With VMware Fusion, you can easily set up a multiseat configuration where the Virtualized guests act and operate as an independent computer with its own mouse and keyboard. This is called multiseat.
Multiseat computing is where a single computer provides multiple, independent, multi-station computing where multiple users have their own console access.
Sounds confusing? Well, it is basically one computer providing resources to multiple workstations where each users have their own monitor, keyboard and mouse.
The picture from HP below illustrates how a multiseat set-up works.
This is not a new idea. Companies have been doing this for decades. There are even thin client distributed multiseat devices on the market. Plugable has one but requires a dedicated Windows Multipoint Server 2012 for Windows or a custom Fedora Linux build.
The requirements are: Extra monitor, extra set of keyboard and mouse. You'll probably need a USB hub. This is the minimum for a single multiseat setup.
Extra network card and extra USB sound stick are optional. If you need more seats,you will need to look at extra graphics output. In this case, you can use a displaylink adapter.
VMware Fusion setup.
The goal is to setup independent monitor, mouse, and keyboard for your guest.
The first part is easy. Set your guest to fullscreen on your second monitor and make sure you disable the "Use All Displays in Full Screen" option. Your guest(s) should start up on their screens.
Getting the extra, external mouse and keyboard isn't so straightforward and obvious. By default, this is disabled in VMware. It requires a little editing of the .vmx file in your VM Guest.
Go to your VM guests, show contents and open the .vmx file. You will need to add a line in the .vmx file that allows the guest to capture and use USB HID (input devices).
usb.generic.allowHID = "TRUE"
Once this is done, go to your USB&Bluetooth settings and assign the external USB keyboard and mouses to your guest. Once this is done, any mouse/keyboard movements will be independent from your host computer. This is how you set-up an independent mouse and keyboard for your VMware guest machine. Here, I paired an external Apple keyboard and mouse to my VM.
Thats it. The only major hurdle is to get USB HID devices to recognize.
Note. Not all mouses and keyboards will work. You will need to use one with a standard HID interface.
The next steps are optional.
Picture below is my ad-hoc multi-seat set-up I setup for my Macbook Pro. It is a USB 3.0 four port hub with a USB 3.0 Displaylink HDMI adapter, a USB 3.0 Gigabit Ethernet adapter, and an extra set of keyboard and mouse. There are now USB 3.0 Displaylink port replicators on the market that you can use but those will cost you some money.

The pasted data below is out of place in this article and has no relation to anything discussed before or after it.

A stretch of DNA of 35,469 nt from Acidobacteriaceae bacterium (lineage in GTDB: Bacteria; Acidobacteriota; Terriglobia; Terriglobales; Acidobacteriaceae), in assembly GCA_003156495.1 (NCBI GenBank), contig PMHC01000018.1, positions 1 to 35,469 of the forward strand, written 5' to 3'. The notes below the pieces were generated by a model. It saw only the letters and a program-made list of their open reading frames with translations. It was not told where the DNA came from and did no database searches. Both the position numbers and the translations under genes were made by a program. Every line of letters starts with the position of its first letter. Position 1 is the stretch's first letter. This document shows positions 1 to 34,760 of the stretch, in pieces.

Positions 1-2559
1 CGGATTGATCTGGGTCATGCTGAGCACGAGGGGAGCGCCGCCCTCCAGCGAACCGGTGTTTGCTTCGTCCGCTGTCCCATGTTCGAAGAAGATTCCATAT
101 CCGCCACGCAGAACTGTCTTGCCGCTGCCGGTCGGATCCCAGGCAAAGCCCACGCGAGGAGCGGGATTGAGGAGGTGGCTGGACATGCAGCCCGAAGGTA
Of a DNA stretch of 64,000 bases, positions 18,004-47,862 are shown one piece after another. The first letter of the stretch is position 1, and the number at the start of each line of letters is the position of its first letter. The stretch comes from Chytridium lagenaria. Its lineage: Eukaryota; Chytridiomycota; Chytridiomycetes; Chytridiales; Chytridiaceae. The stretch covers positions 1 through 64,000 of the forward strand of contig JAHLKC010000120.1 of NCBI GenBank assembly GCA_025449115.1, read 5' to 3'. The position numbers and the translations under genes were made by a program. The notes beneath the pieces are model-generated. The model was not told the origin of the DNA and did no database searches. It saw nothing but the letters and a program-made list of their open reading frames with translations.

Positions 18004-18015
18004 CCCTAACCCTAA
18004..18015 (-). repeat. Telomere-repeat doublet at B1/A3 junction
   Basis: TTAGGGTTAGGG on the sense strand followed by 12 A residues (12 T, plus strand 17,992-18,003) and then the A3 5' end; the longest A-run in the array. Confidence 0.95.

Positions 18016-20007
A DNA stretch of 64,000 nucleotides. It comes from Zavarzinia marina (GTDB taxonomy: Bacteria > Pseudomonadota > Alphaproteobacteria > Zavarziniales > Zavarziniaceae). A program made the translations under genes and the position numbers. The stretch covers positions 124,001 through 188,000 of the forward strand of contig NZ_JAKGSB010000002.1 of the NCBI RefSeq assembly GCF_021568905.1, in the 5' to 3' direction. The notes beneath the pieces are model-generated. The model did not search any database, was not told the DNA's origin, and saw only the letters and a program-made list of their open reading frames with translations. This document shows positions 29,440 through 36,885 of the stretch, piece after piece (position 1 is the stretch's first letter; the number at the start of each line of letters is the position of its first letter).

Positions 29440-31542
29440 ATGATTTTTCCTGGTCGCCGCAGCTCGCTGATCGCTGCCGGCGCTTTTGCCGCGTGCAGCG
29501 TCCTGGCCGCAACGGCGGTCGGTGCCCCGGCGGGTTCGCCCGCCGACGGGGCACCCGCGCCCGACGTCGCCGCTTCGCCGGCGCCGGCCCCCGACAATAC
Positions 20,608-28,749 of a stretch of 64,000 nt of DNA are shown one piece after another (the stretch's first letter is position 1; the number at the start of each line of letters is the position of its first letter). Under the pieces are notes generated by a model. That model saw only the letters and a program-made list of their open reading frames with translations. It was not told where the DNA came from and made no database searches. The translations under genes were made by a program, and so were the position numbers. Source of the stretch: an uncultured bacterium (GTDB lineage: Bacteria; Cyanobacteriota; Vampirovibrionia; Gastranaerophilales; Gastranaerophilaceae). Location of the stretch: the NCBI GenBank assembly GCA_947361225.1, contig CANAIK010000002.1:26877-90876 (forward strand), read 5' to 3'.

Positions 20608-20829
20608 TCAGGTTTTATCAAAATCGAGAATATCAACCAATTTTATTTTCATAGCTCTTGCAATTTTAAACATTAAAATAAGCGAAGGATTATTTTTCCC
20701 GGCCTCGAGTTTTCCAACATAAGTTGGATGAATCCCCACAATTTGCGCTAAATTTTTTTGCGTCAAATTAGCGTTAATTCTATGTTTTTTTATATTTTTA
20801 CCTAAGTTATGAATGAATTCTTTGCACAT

The extra network adapter is totally optional as you can NAT with VMware.
If you want a separate network interfaces for your users, you will need to setup bridging and assign a network card to your guests.
Once this is setup, the guest will now be a completely separate entity from your Host. It will act and behave as if it is an independent computer on your network.
Now, this is where things will get interesting in the future. With Thunderbolt docks coming in from Sonnet and Caldigit, I'll be able to set-up secondary multiseat guests with their own fast network and high-resolution (2560x1440) displays.
You can also do multiseat on-the-go.
Below is a hypothetical portable setup - portable MHL HDMI battery powered monitor and a separate portable keyboard/mouse. The main macbook is running OSX 10.8 while Pear OS, Ubuntu Linux is running off the portable monitor. This is pretty awesome when you want to demo client-server applications in meetings.
A simple youtube example:
Once I get my cables and adapters for my Motorola Lapdock, I will update this post with this as my thin client. Also, I got this partially working in a Linux Host running VMware's free VMware player for Linux. I could get the keyboard but not the mouse to act independently.
Hmmm. Motorola Lapdock as second multiseat thin-client console.